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Sotheby’s to Hold First Auction of Aboriginal Art in New York -ARTnews

Sotheby's to Hold First Auction of Aboriginal Art in New York -ARTnews


Sotheby’s to Hold First Auction of Aboriginal Art in New York -ARTnews


Emily Kame Kngwarreye, Summer Celebration, 1991, is estimated at $300,000–$500,000.


Sotheby’s is relocating its Aboriginal art auction from London to New York, moving the sale—to be timed with this year’s November auction of contemporary art—to be the first of its kind outside Australia or Europe. The auction will be led by Tim Klingeder, who has overseen Sotheby’s Aboriginal art sales since 1996. (The house had held auctions for art of the kind in Australia, from 1997 to 2009, and in London, from 2015 through last year.)

Klingeder told ARTnews, “The largest percentage of buyers from our recent London Aboriginal art sales were from the United States, and while the field is of global interest, we anticipate that our New York auction rooms present the best venue for our sales in order to grow the market.”

The move of the sale follows a recent influx of Aboriginal art in New York, with Gagosian Gallery currently exhibiting “Desert Painters of Australia: Works from the Kluge-Ruhe Aboriginal Art Collection of the University of Virginia and the Collection of Steve Martin and Anne Stringfield” on the Upper East Side, and MoMA PS1 showing works from the Karrabing Film Collective, who make work engaging indigenous life and the Belyuen culture from which they hail.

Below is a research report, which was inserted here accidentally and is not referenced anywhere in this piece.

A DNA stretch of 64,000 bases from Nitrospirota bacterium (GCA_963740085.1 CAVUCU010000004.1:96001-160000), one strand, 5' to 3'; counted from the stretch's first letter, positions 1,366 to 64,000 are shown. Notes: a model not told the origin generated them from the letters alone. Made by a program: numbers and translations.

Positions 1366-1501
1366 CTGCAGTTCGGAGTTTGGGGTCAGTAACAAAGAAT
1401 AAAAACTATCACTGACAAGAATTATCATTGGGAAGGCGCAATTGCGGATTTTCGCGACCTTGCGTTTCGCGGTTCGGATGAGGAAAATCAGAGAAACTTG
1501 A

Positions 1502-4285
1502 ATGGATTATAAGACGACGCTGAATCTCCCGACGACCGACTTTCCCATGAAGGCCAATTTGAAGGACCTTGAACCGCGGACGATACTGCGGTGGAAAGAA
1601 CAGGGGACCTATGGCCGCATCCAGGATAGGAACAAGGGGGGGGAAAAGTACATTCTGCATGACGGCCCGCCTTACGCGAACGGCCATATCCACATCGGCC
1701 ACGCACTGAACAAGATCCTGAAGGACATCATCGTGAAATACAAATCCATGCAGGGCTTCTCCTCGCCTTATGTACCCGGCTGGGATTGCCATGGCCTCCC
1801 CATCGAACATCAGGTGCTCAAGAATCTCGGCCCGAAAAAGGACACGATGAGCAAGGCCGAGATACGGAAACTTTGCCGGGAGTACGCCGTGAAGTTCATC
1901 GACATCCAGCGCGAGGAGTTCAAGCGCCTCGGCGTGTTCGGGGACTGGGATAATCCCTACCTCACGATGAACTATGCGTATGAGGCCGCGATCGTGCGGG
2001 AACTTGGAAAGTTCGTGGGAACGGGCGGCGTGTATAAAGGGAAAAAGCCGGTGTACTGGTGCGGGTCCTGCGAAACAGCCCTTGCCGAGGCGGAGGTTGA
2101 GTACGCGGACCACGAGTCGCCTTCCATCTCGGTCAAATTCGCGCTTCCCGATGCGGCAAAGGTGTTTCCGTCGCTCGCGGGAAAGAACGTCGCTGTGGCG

The sale will include works by Emily Kame Kngwarreye from the collection of Thomas Vroom, with other lots to be announced. As it stands, the highest auction price for a living Australian Aboriginal artist is £401,000, (about $507,000) paid for Michael Nelson Tjakamarra’s painting Five Stories (1984) at Sotheby’s in London in 2016.

In a recent Washington Post article about his interest in Aboriginal art, the comedian and noted art collector Steve Martin said, “I think if you stuck one up at Sotheby’s in the contemporary art sale, people would go, ‘Uh-huh, it makes total sense that it would be there.’”


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